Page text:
One of the Strongest Programs of its Kind in the Country
The UW Department of Urology’s Simulation Education Program for residents, students, and other learners is a premier skills and simulation program that is a model and resource for urology programs across the country.
A Urology Simulation Committee is led by Sara Best, MD, and consists of faculty, residents, and administration. The Committee guides the development, implementation, and evaluation of the program on an ongoing basis.
The program includes a PGY-1 bootcamp focusing on knot-tying, suturing, laparoscopic skills, cystoscopy and ureteroscopy, robotics, laparoscopic port placement, and suturing/stapling bowel anastomoses. The goal of the bootcamps are to prepare residents so at the end of the PGY-1 year they are functioning at a PGY-3 level for basic skills. The bootcamp includes aspects of and builds upon the ACS/APDS Phase 1 curriculum when applicable.
Labs for all residents will include surgical skills labs, such as the ureteral reimplant lab, simulated patient scenarios, computer-based training, and high fidelity models. Each laboratory has a faculty champion as well as additional faculty instructors. All faculty are encouraged to attend.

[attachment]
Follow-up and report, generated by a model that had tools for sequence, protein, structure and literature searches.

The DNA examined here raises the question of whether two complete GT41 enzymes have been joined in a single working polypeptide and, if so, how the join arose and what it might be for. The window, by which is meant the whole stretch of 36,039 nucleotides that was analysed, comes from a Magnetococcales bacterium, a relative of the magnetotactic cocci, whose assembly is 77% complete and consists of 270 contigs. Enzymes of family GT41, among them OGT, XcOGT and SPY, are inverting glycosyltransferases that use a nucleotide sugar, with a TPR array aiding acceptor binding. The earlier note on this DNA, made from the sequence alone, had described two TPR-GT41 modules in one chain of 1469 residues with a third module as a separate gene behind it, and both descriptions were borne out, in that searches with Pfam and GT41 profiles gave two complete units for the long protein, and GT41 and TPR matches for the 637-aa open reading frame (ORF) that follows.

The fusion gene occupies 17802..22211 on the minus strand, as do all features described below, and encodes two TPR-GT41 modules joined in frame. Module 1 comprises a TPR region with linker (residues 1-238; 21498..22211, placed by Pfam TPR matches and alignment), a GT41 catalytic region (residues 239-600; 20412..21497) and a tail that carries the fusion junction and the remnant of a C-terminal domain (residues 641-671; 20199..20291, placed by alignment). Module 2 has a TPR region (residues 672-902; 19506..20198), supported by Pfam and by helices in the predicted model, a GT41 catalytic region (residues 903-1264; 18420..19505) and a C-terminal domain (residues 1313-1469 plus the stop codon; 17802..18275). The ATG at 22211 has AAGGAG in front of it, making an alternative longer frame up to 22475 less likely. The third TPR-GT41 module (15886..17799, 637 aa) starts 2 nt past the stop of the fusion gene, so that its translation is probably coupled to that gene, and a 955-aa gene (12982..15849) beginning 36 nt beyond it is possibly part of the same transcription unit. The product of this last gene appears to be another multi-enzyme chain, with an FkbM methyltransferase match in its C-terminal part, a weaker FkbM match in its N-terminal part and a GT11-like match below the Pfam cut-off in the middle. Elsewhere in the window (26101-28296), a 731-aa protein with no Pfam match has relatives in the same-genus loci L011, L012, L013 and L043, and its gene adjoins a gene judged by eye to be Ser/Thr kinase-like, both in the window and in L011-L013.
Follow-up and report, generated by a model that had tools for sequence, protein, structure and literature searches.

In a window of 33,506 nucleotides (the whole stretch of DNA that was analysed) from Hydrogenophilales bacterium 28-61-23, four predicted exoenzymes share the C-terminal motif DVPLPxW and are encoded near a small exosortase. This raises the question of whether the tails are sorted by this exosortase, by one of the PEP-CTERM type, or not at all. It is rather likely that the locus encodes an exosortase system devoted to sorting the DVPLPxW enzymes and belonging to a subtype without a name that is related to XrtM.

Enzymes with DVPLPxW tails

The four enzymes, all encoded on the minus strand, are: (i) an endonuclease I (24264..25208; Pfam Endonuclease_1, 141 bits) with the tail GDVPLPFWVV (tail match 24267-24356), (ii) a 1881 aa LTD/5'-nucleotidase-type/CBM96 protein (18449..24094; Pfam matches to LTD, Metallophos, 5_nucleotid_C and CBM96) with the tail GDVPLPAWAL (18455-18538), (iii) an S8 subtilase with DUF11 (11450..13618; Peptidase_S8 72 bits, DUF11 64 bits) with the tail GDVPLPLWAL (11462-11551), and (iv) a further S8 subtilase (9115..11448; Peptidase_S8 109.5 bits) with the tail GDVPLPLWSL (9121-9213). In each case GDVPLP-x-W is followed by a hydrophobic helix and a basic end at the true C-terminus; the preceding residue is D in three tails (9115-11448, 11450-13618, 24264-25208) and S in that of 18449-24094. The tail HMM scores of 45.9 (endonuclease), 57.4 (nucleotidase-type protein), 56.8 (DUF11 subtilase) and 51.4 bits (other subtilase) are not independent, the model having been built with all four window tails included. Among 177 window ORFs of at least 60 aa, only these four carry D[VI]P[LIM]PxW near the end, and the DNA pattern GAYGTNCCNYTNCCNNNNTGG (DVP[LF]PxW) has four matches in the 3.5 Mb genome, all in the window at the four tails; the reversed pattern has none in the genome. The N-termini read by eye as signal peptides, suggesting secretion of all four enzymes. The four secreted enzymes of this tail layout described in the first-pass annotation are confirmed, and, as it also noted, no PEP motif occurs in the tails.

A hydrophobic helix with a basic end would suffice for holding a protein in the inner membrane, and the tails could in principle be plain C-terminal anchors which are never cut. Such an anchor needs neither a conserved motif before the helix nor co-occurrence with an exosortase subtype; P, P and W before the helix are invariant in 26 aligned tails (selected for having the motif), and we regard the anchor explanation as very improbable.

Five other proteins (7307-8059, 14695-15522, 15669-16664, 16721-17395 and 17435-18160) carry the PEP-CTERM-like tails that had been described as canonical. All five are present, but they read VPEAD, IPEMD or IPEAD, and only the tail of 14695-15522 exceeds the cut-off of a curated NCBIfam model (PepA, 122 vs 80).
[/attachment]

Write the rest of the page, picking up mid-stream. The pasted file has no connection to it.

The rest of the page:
14th Annual Pediatric Urology Laparoscopy Course – Virtual
The 2020 Annual PULC was held virtually where 17 fellows from the United States and Canada were able to receive web based surgical instruction to develop their knowledge of basic laparoscopic skills in children, and how to use core equipment in laparoscopic Pediatric Urological surgery.
- Knot tying and Suturing
- Laparoscopic skills
- Bowel Anastomoses (PGY-3)
- Cystoscopy and Ureteroscopy
- Introduction to Loupe Surgery
- Introduction to Microsurgery PGY-2)
Surgical Skills Labs
- Ureteral Reimplant
- Advanced Endoscopy
- Artificial urinary sphincter
- Female Urology
- Hypospadias Repair
- Penile prosthesis
- Priapism Lab
Simulated Patient Scenarios
- GU history and exam
- Disease specific cases
- Transitions of care
- Delivering bad news
- Disclosure of medical errors